nep-ent New Economics Papers
on Entrepreneurship
Issue of 2011‒03‒19
twelve papers chosen by
Marcus Dejardin
Notre-Dame de la Paix University

  1. Creative Destruction and Productive Preemption By Norbäck, Pehr-Johan; Persson, Lars; Svensson, Roger
  2. Political Participation and Entrepreneurial Initial Public Offerings in China By Feng, Xunan; Johansson, Anders C.; Zhang, Tianyu
  3. INSTITUTIONS AND ENTRY: A CROSS-REGIONAL ANALYSIS IN RUSSIA By Bruno, Randolph; Bytchkova, Maria; Estrin, Saul
  4. Self-Employment and Conflict in Colombia By Carlos Bozzoli; Tilman Brück; Nina Wald
  5. Beyond Fatalism - An empirical exploration of self-efficacy and aspirations failure in Ethiopia By Tanguy Bernard; Stefan Dercon; Alemayehu Seyoum Taffesse
  6. Public Procurement and Rent-Seeking: The Case of Paraguay By Auriol, Emmanuelle; Flochel, Thomas; Straub, Stéphane
  7. Are self-employment training programs effective? Evidence from Project GATE By Michaelides, Marios; Benus, Jacob
  8. Bridging the gap between migrants and the banking system By Giorgio Albareto; Paolo Mistrulli
  9. Perceptions, Expectations, and Entrepreneurship: The Role of Extreme Events By Tilman Brück; Fernanda Llussá; José Tavares
  10. Local Financial Development and Firm Performance: Evidence from Morocco By Marcel Fafchamps; Matthias Schündeln
  11. Does Gibrat’s Law Hold for Retailing? Evidence from Sweden By Daunfeldt, Sven-Olov; Elert, Niklas; Lang, Åsa
  12. Are incentives for R&D effective? Evidence from a regression discontinuity approach By Raffaello Bronzini; Eleonora Iachini

  1. By: Norbäck, Pehr-Johan; Persson, Lars; Svensson, Roger
    Abstract: We develop a theory of innovation for entry and sale into oligopoly, and show that an invention of higher quality is more likely to be sold (or licensed) to an incumbent due to strategic product market effects on the sales price. Preemptive acquisitions by incumbents are shown to stimulate the process of creative destruction by increasing the entrepreneurial effort allocated to high-quality invention projects. Using data on patents granted to small firms and individuals, we find evidence that high-quality inventions are sold under bidding competition. Asymmetric information problems are shown to be solved by verification through entry for sale.
    Keywords: Acquisitions; Entrepreneurship; Innovation; Ownership; Patent; Start-ups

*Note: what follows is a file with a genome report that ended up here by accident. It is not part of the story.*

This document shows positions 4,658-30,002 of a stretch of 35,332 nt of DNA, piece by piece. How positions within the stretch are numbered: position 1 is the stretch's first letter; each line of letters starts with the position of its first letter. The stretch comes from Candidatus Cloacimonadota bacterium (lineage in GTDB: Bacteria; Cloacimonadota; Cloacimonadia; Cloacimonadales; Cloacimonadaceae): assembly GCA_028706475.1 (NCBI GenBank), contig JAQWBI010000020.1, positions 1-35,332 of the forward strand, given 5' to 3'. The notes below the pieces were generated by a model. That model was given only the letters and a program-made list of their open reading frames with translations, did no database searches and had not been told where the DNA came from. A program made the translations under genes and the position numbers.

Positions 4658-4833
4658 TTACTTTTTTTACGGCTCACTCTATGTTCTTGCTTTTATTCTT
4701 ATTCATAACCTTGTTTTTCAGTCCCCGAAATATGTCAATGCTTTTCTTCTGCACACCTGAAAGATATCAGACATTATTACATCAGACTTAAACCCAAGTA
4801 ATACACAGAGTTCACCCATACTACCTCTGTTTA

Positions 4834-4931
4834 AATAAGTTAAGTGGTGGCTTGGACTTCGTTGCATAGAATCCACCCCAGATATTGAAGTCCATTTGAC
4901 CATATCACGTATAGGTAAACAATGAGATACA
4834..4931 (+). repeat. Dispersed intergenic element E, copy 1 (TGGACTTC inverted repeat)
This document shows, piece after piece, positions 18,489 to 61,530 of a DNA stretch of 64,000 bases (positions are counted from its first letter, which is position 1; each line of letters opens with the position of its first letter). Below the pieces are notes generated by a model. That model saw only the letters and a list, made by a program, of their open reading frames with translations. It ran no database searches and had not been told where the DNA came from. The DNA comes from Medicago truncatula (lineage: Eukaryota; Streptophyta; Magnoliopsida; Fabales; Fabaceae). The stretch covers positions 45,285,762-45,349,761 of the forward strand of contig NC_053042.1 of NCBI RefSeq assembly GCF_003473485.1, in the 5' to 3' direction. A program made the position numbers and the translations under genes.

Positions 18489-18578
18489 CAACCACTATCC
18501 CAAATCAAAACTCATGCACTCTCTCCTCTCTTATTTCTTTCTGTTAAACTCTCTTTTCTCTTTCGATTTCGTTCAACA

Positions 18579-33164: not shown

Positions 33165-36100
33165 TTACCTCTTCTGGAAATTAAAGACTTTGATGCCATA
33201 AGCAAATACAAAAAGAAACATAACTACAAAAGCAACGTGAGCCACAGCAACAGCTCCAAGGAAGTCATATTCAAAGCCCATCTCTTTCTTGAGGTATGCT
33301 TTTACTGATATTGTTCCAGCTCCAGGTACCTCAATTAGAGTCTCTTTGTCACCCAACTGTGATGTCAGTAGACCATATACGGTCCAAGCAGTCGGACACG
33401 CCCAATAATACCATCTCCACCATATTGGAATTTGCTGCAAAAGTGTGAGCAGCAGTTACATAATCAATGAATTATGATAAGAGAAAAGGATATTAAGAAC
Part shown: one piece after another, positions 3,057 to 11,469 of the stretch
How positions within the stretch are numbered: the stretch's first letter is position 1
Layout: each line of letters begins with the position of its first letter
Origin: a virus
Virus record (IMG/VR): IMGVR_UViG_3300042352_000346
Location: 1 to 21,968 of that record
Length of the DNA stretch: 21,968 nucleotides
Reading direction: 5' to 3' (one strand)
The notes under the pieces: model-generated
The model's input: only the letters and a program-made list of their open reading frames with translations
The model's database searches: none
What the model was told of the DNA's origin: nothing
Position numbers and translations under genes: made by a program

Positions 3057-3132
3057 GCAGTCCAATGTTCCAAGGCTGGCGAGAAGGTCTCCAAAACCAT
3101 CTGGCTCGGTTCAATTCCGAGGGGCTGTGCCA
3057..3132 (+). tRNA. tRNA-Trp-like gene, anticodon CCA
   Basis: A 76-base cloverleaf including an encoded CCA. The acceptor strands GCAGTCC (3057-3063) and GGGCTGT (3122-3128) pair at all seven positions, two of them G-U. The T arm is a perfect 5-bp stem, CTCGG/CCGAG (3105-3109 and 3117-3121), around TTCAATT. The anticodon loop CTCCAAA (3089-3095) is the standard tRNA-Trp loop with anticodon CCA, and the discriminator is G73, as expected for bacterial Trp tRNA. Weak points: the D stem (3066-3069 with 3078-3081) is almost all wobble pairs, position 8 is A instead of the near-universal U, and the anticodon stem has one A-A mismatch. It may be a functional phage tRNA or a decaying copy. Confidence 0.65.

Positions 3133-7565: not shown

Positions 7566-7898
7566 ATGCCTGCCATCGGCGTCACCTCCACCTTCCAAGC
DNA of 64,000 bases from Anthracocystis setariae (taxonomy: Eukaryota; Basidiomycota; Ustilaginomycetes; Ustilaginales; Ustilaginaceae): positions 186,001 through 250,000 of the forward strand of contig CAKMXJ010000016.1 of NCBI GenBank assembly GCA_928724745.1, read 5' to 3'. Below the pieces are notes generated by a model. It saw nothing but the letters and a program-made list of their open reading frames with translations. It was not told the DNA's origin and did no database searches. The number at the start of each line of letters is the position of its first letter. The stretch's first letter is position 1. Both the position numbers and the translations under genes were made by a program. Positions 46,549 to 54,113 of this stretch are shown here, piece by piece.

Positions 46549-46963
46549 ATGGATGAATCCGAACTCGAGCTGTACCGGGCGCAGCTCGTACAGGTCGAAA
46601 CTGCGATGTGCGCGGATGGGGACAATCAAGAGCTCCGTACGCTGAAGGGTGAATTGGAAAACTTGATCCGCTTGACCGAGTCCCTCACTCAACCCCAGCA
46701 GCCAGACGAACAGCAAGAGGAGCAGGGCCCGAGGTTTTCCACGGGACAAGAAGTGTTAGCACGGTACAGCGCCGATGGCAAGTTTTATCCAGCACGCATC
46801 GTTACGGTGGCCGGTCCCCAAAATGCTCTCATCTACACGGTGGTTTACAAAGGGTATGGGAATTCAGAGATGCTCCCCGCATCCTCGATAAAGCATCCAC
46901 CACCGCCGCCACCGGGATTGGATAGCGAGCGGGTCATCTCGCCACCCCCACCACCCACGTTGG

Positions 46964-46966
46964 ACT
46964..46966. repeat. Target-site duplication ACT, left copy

JEL: G24 L1 L2 M13 O3
    Date: 2011–03
  2. By: Feng, Xunan (Shanghai Jiaotong University); Johansson, Anders C. (China Economic Research Center); Zhang, Tianyu (The Chinese University of Hong Kong)
    Abstract: This paper examines the value of political participation by private entrepreneurs in China. Using a unique sample of all initial public offerings by entrepreneurial firms during 1994-2007 and political participation by the controlling entrepreneurs, we test the hypothesis that firms with entrepreneurs who participate in politics are able to exploit rent-seeking opportunities that normal firms do not have access to. We document that the long-run stock performance after the IPO of firms controlled by entrepreneurs who participate in politics is superior to that of common entrepreneurial firms. Our results also show that political participation has a significant positive effect on change in operating performance and a negative effect on first-day returns. Moreover, we find that economic development and local institutions are important for this value effect. The difference in performance is even larger in regions characterized by more abundant rent-seeking opportunities, indicating that the value effect of political participation likely originates from rent seeking. This finding is consistent with the hypothesis that political participation facilitates entrepreneurs’ rent seeking.
    Keywords: Political participation; Entrepreneurial firms; Corporate governance; Initial public offerings; China
    JEL: G30 G32 G34 P48
    Date: 2011–03–01
  3. By: Bruno, Randolph; Bytchkova, Maria; Estrin, Saul
    Abstract: We analyse a micro-panel data set to investigate the effect of regional institutional environment and economic factors on Russian new firm entry rates across time, industries and regions. The paper builds on novel databases and exploits inter-regional variation in a large number of institutional variables. We find entry rates across industries in Russia are not especially low by international standards and are correlated with entry rates in developed market economies, as well as with institutional environment and firm size. Furthermore, industries that, for scale or technological reasons, are characterised by higher entry rates experience lower entry within regions affected subject to political change. A higher level of democracy enhances entry rates for small sized firms but reduces them for medium or large ones.
    Keywords: democracy; entry rate; institutions
    JEL: L26 P31
    Date: 2011–03